For release 1/12/06
BIRTH OF AWARENESS
By Robert C. Koehler
Tribune Media Services
One of the heroes of My Lai died a few days ago, dislodging the old horrors and a fleeting national debate the world is begging us to reopen.
Are we the good guys? Is God on our side?
"We kept flying back and forth, reconning in front and in the rear, and it didn't take very long until we started noticing the large number of bodies everywhere. Everywhere we'd look, we'd see bodies. These were infants, 2-, 3-, 4-, 5-year-olds, women, very old men, no draft-age people whatsoever."
This story only gets worse. It took almost two years before a full-scale investigation got underway and the American public slowly became aware of what helicopter pilot Hugh Thompson happened upon on March 16, 1968: a wanton slaughter of Vietnamese civilians, being carried out by American troops.
"I think a count has been anywhere from two to four hundred, five hundred bodies. . . . I think that's a small count," Thompson, who died of cancer on Jan. 6, related during a My Lai symposium at Tulane University in 1994. He and his two-man crew stood in for the American conscience on that day.
"We saw another lady that was wounded. We got on the radio and called for some help and marked her with smoke. A few minutes later up walks a captain, steps up to her, nudges her with his foot, steps back and blows her away.
"We came across a ditch that had, I don't know, a lot of bodies in it, a lot of movement in it. I landed, asked a sergeant there if he could help them out, these wounded people down there. He said he'd help them out, help them out of their misery. . . . I thought he was joking. . . . We took off and broke away from them and my gunner said, 'My God, he's firing into the ditch.'"
Thompson landed his helicopter between the ground troops and nine Vietnamese civilians - four elderly adults and five children - who were fleeing to a shelter, preventing the officer in charge, Lt. William Calley, from "taking them out with a hand grenade." Thompson radioed a gunship, which eventually removed the civilians. Until it arrived, Thompson and his men kept the American troops at bay at gunpoint.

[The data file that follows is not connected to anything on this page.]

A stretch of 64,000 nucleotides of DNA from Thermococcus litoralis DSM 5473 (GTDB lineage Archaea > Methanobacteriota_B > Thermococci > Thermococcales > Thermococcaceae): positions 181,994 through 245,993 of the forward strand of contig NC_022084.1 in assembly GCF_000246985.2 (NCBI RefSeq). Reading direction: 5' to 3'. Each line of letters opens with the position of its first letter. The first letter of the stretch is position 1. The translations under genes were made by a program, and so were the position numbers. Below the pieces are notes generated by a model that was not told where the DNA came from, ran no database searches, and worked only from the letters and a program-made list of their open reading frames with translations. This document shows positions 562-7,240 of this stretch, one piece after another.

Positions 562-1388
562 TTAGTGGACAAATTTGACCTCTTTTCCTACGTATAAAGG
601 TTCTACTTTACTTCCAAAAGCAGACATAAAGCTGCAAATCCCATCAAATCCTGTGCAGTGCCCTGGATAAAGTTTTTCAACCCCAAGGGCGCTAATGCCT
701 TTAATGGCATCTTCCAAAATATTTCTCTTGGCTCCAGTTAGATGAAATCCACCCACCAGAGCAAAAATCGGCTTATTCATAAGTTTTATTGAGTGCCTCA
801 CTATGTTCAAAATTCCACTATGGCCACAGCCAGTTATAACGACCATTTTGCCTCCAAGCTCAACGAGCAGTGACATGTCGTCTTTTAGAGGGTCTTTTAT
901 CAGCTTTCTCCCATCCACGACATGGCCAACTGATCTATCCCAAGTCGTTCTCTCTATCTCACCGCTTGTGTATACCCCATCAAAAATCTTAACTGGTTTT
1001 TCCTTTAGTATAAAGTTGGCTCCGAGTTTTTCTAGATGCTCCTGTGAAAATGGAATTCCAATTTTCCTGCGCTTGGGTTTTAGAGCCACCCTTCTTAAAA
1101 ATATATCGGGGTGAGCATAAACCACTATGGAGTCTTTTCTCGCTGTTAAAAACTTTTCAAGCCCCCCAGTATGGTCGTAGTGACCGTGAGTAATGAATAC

"A short while later we went back to the ditch. There was still some movement in there. We got out of the aircraft and (Glenn) Andreotta, my crew chief, walked down into the ditch. A few minutes later he came back up carrying a little kid. . . . He was covered with blood, and the thought was going through my mind and my crew's mind, 'How did these people get in that ditch?'
". . . Then something just sunk into me that these people were marched into that ditch and murdered. That was the only explanation that I could come up with."
Thompson's realization was, you might say, the birth of "Vietnam Syndrome" - the widespread public revulsion at U.S. militarism. My Lai was not some horrifying aberration from the basic myth of America's innocence and good intentions - the berserk actions of serial killers - but rather the logical consequences of the war itself, in which civilians were the enemy, or sort of the enemy.
"I was ordered to go in there and destroy the enemy," Calley later testified at his trial. "That was my job on that day. . . . I did not sit down and think in terms of men, women and children. They were all classified the same, and that was the classification that we dealt with, just as enemy soldiers."
Calley, the most prominent My Lai participant, was convicted and sentenced to life in prison, but he was freed by Richard Nixon after three years of house arrest.